The 9th Circuit Court of Appeals heardarguments in the Proposition 8 trial bringing the issue to a new legal level.
The court agreed to allow cameras in the proceedings, Perry v. Schwarzenegger, which allowed the public to get a live glimpse at the players for the first time since this highly charged issue made its way to the courtroom. The Associated Press reported that law schools across the country held public viewings of the hearing.
During the hearing Monday, the judges peppered the lawyers representing all sides of the case with questions. They didn't seem to have a very long leash when it came to answers and continued to redirect the answers to be more susinct and directed only to the question asked.
- First, came the issue of whether sponsors of the lawsuit even have any legal standing in the case. Both Gov. Arnold Schwarzenegger and Attorney General Jerry Brown have refused to challenge the ruling that overturned the ban. The lawyer who represents the sponsors of Prop 8 defended the standing, but his argument was met by skepticism by Judge N. Randy Smith. "There is no question the attorney general has a duty to defend all the causes the state or any state official is a party in," Smith said. "Did you ever seek an injunction or an order or anything suggesting the attorney general should appeal and appeal?"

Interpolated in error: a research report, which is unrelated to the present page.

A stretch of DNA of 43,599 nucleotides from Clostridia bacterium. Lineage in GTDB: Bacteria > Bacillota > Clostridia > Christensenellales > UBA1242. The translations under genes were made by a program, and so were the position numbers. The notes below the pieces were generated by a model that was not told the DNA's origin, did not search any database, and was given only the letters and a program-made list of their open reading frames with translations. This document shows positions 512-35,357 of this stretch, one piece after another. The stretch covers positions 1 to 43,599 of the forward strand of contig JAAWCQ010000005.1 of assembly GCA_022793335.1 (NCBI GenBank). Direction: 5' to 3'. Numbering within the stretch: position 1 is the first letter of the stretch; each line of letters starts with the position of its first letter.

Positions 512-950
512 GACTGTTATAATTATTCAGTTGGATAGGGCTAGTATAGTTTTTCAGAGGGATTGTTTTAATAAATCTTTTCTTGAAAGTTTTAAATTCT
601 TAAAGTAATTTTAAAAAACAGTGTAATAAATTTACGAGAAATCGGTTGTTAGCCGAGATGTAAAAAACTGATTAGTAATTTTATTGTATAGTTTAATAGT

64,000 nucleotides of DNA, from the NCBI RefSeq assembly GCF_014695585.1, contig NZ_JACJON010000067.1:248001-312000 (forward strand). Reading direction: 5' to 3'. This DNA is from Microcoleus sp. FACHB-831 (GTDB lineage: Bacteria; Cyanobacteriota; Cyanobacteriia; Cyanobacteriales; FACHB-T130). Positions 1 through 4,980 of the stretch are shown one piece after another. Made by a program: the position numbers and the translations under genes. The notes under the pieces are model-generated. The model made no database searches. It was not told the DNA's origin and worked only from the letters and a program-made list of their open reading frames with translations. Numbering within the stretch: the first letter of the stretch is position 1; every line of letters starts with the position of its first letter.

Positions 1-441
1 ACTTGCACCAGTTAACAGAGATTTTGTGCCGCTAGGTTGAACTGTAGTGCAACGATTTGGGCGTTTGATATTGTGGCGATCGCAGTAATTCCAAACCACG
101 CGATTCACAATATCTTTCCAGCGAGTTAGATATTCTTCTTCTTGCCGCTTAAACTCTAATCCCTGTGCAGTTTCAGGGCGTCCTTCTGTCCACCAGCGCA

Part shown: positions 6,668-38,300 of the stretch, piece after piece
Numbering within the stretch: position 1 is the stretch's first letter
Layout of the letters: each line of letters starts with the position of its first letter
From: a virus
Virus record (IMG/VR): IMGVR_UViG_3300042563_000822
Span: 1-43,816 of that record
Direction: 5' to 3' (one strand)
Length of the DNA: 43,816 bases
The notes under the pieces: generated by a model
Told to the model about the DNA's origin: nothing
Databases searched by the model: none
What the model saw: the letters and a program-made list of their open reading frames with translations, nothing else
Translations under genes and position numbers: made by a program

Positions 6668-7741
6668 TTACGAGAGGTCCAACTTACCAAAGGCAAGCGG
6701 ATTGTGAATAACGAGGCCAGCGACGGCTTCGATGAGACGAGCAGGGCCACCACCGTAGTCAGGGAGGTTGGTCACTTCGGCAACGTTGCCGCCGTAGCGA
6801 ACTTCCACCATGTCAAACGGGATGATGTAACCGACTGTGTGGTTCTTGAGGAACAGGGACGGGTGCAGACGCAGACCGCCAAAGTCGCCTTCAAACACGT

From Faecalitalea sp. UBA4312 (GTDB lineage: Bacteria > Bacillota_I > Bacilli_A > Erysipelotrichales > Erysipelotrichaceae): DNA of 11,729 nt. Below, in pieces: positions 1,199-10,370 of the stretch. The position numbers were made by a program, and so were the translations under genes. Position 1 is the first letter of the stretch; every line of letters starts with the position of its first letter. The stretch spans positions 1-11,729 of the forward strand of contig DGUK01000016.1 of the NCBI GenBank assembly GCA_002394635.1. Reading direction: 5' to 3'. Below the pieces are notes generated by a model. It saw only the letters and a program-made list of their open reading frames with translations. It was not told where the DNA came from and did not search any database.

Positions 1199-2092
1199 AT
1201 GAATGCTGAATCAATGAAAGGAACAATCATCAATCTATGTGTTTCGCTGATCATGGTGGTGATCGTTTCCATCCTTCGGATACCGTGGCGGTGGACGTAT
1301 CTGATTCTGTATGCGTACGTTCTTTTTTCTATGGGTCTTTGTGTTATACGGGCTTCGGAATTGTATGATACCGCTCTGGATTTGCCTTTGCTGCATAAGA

- The three judges also grilled seemed to be taking issue with the legal standing of the lawyer representing Imperial County. Judge Michael Hawkins kept asking attorney Robert Tyler why his primary client was a deputy county clerk, not the elected clerk herself. He said that fact concerned some of us on the panel.
- The judges also questioned whether the lower court ruling would apply statewide or only to the two counties where the pair of same-sex couples who sued sought their marriage licenses.
Three randomly chosen federal appeals court judges were asked their opinion on U.S. District Judge Vaughn Walker's ruling that struck down the voter-approved ban on same-sex marriage. Proposition 8 was enacted as an amendment to the California Constitution and states that "only marriage between a man and a woman is valid or recognized in California."
Two same-sex couples sued to challenge the proposition. In August, Walker agreed with them and said it violated the U.S. Constitution's guarantees of due process and equal treatment. Lisa Leff with the Associated Press put Vaughn's decision this way: If the courtroom had been a boxing ring, the referee would have called a knockout.
The three judges will not rule Monday. They will issue their decision in writing at a later undetermined time.
And whatever they rule, the issue will likely be appealed once again to an 11-judge panel of same court. After that court rules, the case could be heard by the U.S. Supreme Court.